TED Conversations

Simon Peter Debbarma

Student of History, Desire Machine Collective

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Why is art (or artistically creative fields) often not taken seriously?

My question is self-explanatory.

I live in India where the shortest path to success in life is getting a degree and a good job. Its basically the traditional way. Very few actually pursue something artistic. And very few parents actually encourage it.

I found that most parents don't want their children to take risks and enter the creative fields. Most want their kids to be engineers and doctors. Here in India, most kids either end up wanting to be an engineer or a doctor and many parents want just that. Maybe its the financial stress but there's no explanation for it.

The creativeness in kids is killed although some lucky ones have it until the end of their lives. This is also shared by Ken Robinson''s talk. Creativity is art and its sad to see art dying in the younger generations.

As you can see this is very prevalent in my country and other Asian countries. You can also figure out why we can be kind of over-achievers if we try hard. John Maeda's father as said in this TED talk says that his father told a certain shop owner that he was "good in math" while his teacher had said that John was good in "math and art". His father had left out art. I've been in similar situations too and its kind of sad to see that your talent is not uphold-ed or recognized by the ones you hoped would appreciate it. Maybe I was not good enough, but it didn't mean that I couldn't improve. Many go through this and I think coming up with a solution should be on our agenda.

What can you do to change this? Are you willing to change your society?
How can we keep children interested and their love for art burning through their school life?
Is this something only my generation will have to face? Do you think this will change in later generations?Will we be supportive of our children in what they are good at, and at not what you want them to be?

Topics: art creativity

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  • Jul 27 2013: Well i live in kerala,a state in india in the heart of this problem i must say.Here people who pursue art are stigmatised so much by the orthodox society that they tend to conceal their talents and creativity in art as if it was something to be ashamed of.Well,it definetly is nothing to be ashamed of , i love art and language buts lets face it ,no art or language has changed the way humans live ,no art has ever revolutionised life as a whole,so artists are not considered a prerequisite for a "developed" nation of the modern era.
    But when we live in such a competetive world let's reason, art is a person's inherent skill,it is the true expression of his inner being.He was not taught art but was rather born with it, now since he was gifted with this free of cost,he must put in some effort in life.Now the effort he puts in is the risk he faces by going up against a hostile world which looks down upon him.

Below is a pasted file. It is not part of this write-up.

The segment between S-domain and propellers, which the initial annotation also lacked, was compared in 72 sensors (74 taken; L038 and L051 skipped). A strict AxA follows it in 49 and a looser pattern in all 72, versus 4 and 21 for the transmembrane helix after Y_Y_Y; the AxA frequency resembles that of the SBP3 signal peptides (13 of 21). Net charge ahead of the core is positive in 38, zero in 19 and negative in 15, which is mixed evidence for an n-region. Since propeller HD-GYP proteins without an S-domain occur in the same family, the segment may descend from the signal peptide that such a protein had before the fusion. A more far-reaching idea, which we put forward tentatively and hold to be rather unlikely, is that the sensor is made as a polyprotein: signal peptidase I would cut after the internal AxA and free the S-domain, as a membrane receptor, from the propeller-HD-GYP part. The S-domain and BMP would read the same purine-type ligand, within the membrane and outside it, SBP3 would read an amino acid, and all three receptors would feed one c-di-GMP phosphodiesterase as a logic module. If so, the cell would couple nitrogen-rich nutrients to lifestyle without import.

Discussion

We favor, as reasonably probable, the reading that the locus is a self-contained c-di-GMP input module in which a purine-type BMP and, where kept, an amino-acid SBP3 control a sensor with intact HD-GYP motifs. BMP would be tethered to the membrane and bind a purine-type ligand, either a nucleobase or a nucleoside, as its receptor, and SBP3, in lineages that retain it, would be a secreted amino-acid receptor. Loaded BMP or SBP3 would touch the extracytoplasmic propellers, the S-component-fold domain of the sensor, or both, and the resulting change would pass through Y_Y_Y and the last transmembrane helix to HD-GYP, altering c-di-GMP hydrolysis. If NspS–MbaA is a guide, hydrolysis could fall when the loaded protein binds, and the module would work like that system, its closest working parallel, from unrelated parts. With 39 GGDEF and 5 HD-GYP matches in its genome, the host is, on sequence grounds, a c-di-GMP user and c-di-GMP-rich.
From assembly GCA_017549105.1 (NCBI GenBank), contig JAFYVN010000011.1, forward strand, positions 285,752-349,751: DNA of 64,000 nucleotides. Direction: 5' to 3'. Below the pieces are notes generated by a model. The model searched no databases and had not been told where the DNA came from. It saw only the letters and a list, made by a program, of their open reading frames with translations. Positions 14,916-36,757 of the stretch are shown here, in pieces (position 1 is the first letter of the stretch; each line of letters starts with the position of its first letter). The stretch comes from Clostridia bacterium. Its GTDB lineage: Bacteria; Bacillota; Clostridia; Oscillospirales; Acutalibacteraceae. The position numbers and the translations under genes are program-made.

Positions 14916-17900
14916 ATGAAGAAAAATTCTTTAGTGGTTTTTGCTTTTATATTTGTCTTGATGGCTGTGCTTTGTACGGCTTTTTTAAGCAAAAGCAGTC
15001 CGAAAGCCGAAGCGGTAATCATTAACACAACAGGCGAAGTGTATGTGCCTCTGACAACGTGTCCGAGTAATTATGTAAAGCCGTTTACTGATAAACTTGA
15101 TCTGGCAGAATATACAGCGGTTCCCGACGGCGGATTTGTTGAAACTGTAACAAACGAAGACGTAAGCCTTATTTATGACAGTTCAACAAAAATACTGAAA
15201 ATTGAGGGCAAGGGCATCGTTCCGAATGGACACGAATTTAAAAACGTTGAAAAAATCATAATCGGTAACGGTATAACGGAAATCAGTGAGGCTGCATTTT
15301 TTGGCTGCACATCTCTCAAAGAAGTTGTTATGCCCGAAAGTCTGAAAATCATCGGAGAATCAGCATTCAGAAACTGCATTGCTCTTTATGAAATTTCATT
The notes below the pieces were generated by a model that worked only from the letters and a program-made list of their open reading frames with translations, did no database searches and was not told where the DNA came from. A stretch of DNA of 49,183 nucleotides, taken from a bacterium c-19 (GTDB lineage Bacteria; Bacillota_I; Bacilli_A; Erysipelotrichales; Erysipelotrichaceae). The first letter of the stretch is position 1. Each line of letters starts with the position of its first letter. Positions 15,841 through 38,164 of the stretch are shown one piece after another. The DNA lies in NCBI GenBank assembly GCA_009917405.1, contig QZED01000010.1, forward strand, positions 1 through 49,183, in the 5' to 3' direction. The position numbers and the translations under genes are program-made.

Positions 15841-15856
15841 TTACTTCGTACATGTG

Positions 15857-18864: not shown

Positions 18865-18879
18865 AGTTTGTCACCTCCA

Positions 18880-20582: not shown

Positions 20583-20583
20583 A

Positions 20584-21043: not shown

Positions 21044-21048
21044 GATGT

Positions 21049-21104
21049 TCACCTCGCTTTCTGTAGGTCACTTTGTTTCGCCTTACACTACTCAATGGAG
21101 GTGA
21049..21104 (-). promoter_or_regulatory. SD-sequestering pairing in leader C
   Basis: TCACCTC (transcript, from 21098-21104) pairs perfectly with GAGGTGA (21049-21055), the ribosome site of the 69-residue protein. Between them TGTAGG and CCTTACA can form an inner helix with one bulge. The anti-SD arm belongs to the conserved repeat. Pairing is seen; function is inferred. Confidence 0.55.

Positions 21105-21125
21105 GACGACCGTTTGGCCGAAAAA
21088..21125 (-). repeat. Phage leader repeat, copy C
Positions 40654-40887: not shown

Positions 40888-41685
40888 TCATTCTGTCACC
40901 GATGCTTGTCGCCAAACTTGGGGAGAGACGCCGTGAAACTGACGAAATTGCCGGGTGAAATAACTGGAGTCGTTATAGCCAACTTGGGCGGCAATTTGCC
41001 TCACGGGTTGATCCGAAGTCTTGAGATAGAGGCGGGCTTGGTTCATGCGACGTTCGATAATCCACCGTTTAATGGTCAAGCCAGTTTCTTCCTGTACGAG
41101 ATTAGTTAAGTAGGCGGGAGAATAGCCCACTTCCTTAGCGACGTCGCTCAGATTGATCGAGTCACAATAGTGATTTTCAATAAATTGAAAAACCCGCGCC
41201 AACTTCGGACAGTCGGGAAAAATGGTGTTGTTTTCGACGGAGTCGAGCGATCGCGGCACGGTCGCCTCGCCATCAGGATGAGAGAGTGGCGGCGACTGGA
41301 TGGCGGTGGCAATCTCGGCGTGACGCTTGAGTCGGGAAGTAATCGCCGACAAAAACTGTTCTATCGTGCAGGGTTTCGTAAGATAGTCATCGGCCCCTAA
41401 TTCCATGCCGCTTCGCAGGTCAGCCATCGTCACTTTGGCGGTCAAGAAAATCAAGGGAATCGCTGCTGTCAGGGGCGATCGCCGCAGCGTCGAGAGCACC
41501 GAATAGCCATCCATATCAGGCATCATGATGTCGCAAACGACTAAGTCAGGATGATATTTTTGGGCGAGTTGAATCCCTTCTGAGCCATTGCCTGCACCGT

Nothing good comes free and the price one pays for becoming an artist is by risking his life.If so, why bother if no one ever patted an artist on the back and encouraged him.
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      Jul 28 2013: I'm glad that as an Indian you see my dilemma but u ask, why i should bother? Well because its worth bothering about. If you question in similar manner to each and everything I doubt u will find an answer for everything.

      Does it not make you happy when you see others happy? Being happy is not only something temporary, Each and every person has and needs the right to be happy his/her own life. Its how we build a community, its how we make things happen, its how we in return live happy.

      If someone is talented to do stuff and then does not get encouraged or appreciated then eventually becomes an unhappy person.he might get over it but it leaves a dent. Every person must use his talent to give back something to the world or just to satisfy himself. Thats how a person stays happy, doing what he likes even if its not accepted by everyone, even if he does it part-time. I'm guessing you are a christian and in the Bible, it tells us to use our talents.

      So now ask me again why I should bother about this?
      • Aug 5 2013: I think u got me a little wrong.The question was nothing but a rhetoric.My point was simple,all what i meant to say was that since art can never be meausured on the same scale as that of science in terms of improving our understanding of our world or improving human life as a whole,the artist has no moral right to claim a recognition or appreciation that is recieved by a scientist.Now since art is more or less a form of entertainment and the arist an ingenious creation of God, he has to fight his way up to the top.I said that this struggle is a part of his life and who he is and if we were to take it away he would never turn out to be as great as he could.....Remember the story of the man who helped a butterfly break free from its cocoon and the butterfly died in the end,same thing,names changed

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